New Year’s Eve can most certainly unmask the nuttiness of any given city, but for those with a fruitful and thriving music scene, it’s an occasion to celebrate the rewarding year that’s been with optimism and excitement for what’s ahead.
Throughout 2023, Baltimore continued to shine as an important hub not only for musicians hailing from the Charm City or those who might now call it home, but for the many who visit on an annual basis to play to eager, attentive folks from all walks of life.
Fitting it was to welcome in this New Year at one of the city’s most storied venues with one of its most impressive artists, a human who continues to build an unbelievable resume and push his own boundaries as a brilliant composer and a master of electronic music devices.
Dan Deacon assembled a cast of outstanding musicians and close friends to present the Dan Deacon Ensemble at Ottobar on New Year’s Eve, selling out the joint and serving up a set of his most momentous and moving compositions in their plenitude as part of an unforgettable year-end bash.
Revisit Dan Deacon’s incredible 2020 studio album, Mystic Familiar, via Spotify:
Dan ushered in 2023 on this same night on this same stage a year ago. But this time around he was joined by a large gang, a group featuring drummer Jeremy Hyman (Animal Collective), bassist Devlin Rice (Ed Schrader’s Music Beat), and numerous members of Mind on Fire — a cooperative in Baltimore showcasing city musicians in a collaborative manner.
At Ottobar on Dec. 31, the loaded roster boasted celloist Peter Kibbe, violinist Ruby Fulton, violist Karin Kilper, bassoonist James David Young, trombonist Sarah Manley, trumpeter Victoria Banos, flutist Stephanie Ray, saxophonist David Diongue, and vocalists Allison Clendaniel, Melody Easton, and Kristen Toedtman.
With such a potent team of skilled players in such an intimate place for a such a special purpose, Dan and his pals served up his awe-inspiring, life-altering songs with triumph as the Ottobar shimmered and burst at its seams with merry ticketholders who’d dressed to the nines for this flashy formal affair on North Howard Street.
Deacon himself was dazzling in a polka-a-dot leisure suit as attendees were treated to a list of magnificent pieces, including “Become A Mountain” and the stunning “Weeping Birch,” which had never been performed live until this past weekend. Thanks to the lineup of instrumentalists on stage, some of whom have recorded with Dan in the past, it seemed none of his creations were out of reach and none too daunting.
Behind his colorful homemade control center — an ever-evolving organism, it seems — Dan conducted powerfully kaleidoscopic arrangements from across his catalogue that have helped attract world-renown movie stars and directors to his orb. He came out of the pandemic years to work on a variety of high-profile projects, and this past year saw one of his tracks featured on the soundtrack to Sofia Coppola’s Priscilla — he’d scored a horror film for her father more than a decade earlier.
Listen to Dan Deacon’s latest work, the soundtrack to the Netflix film, King of Clones, via Spotify:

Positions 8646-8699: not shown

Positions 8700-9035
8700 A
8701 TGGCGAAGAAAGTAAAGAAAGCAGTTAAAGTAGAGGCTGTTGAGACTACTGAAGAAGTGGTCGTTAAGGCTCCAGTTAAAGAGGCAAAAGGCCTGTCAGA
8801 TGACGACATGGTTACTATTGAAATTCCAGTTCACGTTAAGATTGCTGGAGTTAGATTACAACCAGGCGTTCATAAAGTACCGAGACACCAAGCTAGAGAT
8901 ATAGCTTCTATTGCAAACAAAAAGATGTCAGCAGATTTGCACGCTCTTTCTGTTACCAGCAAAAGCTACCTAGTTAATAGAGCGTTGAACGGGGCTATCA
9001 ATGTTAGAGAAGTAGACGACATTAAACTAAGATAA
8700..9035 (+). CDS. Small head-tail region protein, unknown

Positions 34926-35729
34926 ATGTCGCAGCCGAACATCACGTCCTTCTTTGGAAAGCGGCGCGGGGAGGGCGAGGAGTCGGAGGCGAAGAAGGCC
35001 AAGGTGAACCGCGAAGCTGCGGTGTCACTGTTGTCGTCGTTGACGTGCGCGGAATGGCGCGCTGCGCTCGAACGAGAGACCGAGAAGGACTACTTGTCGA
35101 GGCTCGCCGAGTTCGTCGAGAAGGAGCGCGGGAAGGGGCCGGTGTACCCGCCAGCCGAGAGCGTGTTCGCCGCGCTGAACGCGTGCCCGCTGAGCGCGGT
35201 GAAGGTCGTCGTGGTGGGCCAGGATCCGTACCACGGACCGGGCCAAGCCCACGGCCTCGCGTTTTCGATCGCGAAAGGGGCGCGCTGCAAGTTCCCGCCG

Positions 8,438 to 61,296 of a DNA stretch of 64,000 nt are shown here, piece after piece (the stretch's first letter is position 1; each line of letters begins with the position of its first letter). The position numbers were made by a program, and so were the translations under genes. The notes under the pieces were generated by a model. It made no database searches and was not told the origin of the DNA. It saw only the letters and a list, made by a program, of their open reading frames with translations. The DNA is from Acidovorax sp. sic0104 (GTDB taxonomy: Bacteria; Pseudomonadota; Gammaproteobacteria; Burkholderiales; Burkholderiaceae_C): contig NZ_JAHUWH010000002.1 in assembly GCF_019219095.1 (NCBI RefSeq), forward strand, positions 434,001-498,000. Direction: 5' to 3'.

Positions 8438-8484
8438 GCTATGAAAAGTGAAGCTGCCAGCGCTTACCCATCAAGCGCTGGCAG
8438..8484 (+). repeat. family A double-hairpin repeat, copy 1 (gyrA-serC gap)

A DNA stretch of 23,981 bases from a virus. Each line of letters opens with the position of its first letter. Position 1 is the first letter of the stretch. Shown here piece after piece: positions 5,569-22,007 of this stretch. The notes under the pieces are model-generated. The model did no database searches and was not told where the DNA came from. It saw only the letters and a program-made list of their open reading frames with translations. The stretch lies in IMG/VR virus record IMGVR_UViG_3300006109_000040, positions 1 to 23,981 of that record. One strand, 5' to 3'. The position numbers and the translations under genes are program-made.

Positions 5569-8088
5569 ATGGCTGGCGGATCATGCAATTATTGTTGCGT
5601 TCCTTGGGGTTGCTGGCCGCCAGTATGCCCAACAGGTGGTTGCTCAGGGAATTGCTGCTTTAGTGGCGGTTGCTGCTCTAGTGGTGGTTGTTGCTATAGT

But Dan’s doesn’t seem to make it about himself, and by bringing other notable musicians and the MIB squad to the party, he turned the night at Ottobar into a victory lap for the entire city and the devoted music supporters within it.
As expected, he also transformed the room into his trademark dance contest / exhibition, and his requests for participation were met with enthusiasm by limber characters who twirled, high-kicked and exulted in the moment. Some discovered moves they never knew they had and nary a single body in the place could fend off the groove.
As the night went on, Deacon shared tidbits about the music and heaped praise on his fellow performers. And he thanked the audience too, with the consideration that, as he pointed out, the final evening of the year can stir anxiety for many.
“I’m so fucking proud of you,” he cussed. “It means a lot that you came.”
Reflecting on the previous year with a nod toward those who’ve left us, he encouraged attendees to keep reaching out to their friends who didn’t make it to the show that night, perhaps someone who could use some consolation.
“Keep inviting them to shows,” he said. “Keep letting them know that you love them, that they’re important to you.”
Dan’s done so much to enhance the city’s art community and its neighborly vibe since he moved to Maryland in 2004, yet he pointed the attention to the Ottobar itself and its dedicated staff, whom he applauded for keeping Baltimore’s spirit strong and its scene flourishing.
“Places like this exist because people love places like this,” Dan said toward the end of the set, crushing bottled water and sharing his own deep appreciation for the 400-person space long considered a favorite by artists far and wide.
Behind him, a digital counter projected onto the stage wall had ticked down tens of thousands of seconds through the set and leading up the big moment. At the stroke of midnight, friends hugged, couples smooched, and everyone cheered as Dan and his mates greeted 2024 in truly remarkable fashion.
Become a Mountain
Of The Mountains
The Crystal Cat
Change Your Life
Learning to Relax
Arp (*not sure WHICH)
Fell Into The Ocean
Sat By A Tree
When I Was Done Dying
Feel The Lightning
Below is a festive spread — first some 35mm home-developed, home-scanned images, followed by some digital shots — of the Dan Deacon Ensemble, along with DJ Alex Silva, performing at Ottobar the night of Dec. 31, 2023 and on into 2024. All photos copyright and courtesy of Casey Ryan Vock.
35mm Film Photos